Reducing project size to improve management was a main tenet of the watershed Clinger-Cohen Act. Nonetheless, there exists "this love affair with these megasystem procurements," Brubaker says. People assume that tackling complex problems requires complex solutions, but complexity adds risk, he adds. Agencies tend to stuff budget requests with large projects because they're averse to breaking up acquisitions into smaller, modular components for fear funding will dry up, Charette says.
But the trend toward larger projects could be a good thing, says Mark Forman, Evans' predecessor at OMB, now a KPMG LLP partner. A more focused effort to manage fewer projects is better than many smaller projects in which the systems integration isn't well thought out, he adds.
OMB officials say recent improvements in their oversight make IT project failure less likely than it once was. Annual agency business cases and earned value management ensure that projects have stated goals and milestones. "And yet, the success rate of projects, especially large scale projects, hasn't changed very much," Charette says.
A recent Government Accountability Office review (GAO-06-250) of 29 business cases submitted by five agencies each proposing to spend at least $1 billion on IT during fiscal 2006 found problems with the process. One agency submitted a nearly decade-old risk management plan as part of its business case. The required analysis of alternatives in almost all the business cases lacked documentation, or contained conflicting evidence, GAO said.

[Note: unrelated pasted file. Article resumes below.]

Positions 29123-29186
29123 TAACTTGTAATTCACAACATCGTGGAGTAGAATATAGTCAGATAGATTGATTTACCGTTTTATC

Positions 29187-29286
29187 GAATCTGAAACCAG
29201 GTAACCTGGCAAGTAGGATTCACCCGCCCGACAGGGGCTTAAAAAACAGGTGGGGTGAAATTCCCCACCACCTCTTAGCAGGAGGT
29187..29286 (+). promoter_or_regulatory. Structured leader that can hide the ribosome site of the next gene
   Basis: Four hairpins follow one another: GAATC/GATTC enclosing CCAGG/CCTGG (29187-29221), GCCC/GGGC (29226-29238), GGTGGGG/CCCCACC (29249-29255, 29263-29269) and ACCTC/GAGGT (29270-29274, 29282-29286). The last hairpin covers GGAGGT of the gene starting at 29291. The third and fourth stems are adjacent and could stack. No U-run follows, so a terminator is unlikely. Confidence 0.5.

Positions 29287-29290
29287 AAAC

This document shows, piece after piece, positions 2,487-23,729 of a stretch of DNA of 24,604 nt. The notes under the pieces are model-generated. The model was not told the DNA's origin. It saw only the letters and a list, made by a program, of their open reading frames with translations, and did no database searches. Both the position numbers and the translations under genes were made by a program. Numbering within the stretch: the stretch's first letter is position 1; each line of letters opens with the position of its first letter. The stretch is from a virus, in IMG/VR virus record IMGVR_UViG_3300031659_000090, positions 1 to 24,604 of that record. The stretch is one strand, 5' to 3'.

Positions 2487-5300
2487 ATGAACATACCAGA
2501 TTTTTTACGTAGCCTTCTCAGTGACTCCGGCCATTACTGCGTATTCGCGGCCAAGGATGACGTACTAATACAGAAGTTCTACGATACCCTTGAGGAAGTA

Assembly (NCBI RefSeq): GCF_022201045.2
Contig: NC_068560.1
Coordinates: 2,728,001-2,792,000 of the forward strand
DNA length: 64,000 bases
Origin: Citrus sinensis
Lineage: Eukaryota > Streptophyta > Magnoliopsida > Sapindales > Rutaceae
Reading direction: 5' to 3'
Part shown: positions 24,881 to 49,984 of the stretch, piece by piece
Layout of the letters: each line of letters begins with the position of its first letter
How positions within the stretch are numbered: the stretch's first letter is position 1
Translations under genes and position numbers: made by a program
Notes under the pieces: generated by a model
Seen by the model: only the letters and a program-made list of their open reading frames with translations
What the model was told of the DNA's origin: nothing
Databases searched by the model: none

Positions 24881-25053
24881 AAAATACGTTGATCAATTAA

Nonetheless, the idea that greater accountability leads to better funding has been established, Forman says. Brubaker agrees. "At least [OMB] is asking some good questions and forcing some thought, which before really didn't happen."
But as long as project managers are penalized for delivering bad news, OMB's oversight will be ineffective, Charette says. OMB officials have said it's OK to be the bearer of bad tidings. "People out there in the field hear that, but they don't believe it," and experience confirms their belief, he adds. Travel through federal agencies and you'll likely see a fair amount of game-playing with IT budget numbers, even though you ideally shouldn't, Charette says.
The fiscal 2007 budget request includes $5 million for the OMB-controlled e-government fund. In addition, the administration wants permanent authority to use up to $40 million for e-government from funds generated by General Services Administration fees. President Bush made the same request for fiscal 2006, but Congress appropriated only $3 million and rejected the idea of using any GSA fee money for e-government.